2 See Securities Exchange Act Release No. 56573 (Sept. 28, 2007), 72 Fed. Reg. 56816 (Oct. 4, 2007) (order approving SR-FINRA-2007-001).
3 Unlike trade reporting, which occurs post-execution, information regarding order events that occur during an OATS business day must be reported to OATS by 5:00 a.m. Eastern time the following calendar day. An OATS business day begins at 16:00:01 Eastern time on one market day and ends at 16:00:00 the next market day. See NASD Rule 6955; OATS Reporting Technical Specifications at 8-1 (Nov. 19, 2007).
4 See Letter from Brant K. Brown, Associate General Counsel, FINRA to Julian Rainero, Bracewell & Giuliani (Dec. 19, 2007), available at http://www.finra.org/RulesRegulation/PublicationsGuidance/InterpretiveLetters/.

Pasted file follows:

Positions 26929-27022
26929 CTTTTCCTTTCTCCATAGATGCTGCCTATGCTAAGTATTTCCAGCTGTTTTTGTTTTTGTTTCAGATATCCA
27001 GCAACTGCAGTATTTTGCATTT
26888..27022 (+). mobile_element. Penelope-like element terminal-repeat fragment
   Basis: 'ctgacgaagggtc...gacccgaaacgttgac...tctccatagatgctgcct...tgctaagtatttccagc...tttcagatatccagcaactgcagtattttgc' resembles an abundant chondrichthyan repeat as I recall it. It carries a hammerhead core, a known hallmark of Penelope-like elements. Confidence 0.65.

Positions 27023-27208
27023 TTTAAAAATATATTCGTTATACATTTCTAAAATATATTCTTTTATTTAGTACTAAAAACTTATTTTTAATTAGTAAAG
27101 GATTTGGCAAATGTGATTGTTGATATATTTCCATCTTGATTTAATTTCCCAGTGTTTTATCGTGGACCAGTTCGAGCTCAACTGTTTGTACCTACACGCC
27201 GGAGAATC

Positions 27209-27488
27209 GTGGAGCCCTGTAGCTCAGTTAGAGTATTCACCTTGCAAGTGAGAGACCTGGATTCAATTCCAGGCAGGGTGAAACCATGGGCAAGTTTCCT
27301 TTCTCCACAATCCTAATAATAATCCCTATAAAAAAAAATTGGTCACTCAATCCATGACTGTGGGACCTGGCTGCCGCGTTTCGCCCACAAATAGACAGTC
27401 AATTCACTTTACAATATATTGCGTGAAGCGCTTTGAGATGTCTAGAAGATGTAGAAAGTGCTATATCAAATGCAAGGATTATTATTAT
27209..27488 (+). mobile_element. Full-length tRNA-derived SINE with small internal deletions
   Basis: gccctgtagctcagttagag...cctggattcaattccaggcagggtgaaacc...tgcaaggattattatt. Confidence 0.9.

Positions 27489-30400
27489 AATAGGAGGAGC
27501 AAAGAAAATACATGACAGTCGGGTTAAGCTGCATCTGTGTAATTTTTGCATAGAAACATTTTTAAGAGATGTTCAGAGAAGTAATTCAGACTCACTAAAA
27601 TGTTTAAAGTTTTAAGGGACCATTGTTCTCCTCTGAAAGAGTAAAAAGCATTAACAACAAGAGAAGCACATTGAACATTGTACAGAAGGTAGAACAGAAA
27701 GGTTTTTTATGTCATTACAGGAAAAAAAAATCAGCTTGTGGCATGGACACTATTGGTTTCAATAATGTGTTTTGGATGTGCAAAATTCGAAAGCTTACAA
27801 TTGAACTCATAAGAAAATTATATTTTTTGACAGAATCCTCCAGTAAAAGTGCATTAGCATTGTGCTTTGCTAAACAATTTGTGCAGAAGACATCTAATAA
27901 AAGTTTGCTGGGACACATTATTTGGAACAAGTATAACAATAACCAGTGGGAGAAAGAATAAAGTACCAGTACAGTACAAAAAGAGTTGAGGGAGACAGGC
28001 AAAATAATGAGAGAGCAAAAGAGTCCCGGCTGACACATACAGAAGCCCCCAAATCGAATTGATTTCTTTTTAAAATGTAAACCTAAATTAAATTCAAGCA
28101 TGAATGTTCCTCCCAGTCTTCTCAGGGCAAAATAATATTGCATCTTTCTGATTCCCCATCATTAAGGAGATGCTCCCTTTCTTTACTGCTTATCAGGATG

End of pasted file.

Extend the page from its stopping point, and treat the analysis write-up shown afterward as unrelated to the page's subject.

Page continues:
5 The staff noted that if the trade is executed in a foreign market but must be reported in the U.S. because the trade is not reported to a foreign exchange or a foreign securities regulator, the firm would be required to comply with the OATS recording and reporting obligations with respect to that order. OATS obligations are triggered by the trade report, not the execution venue.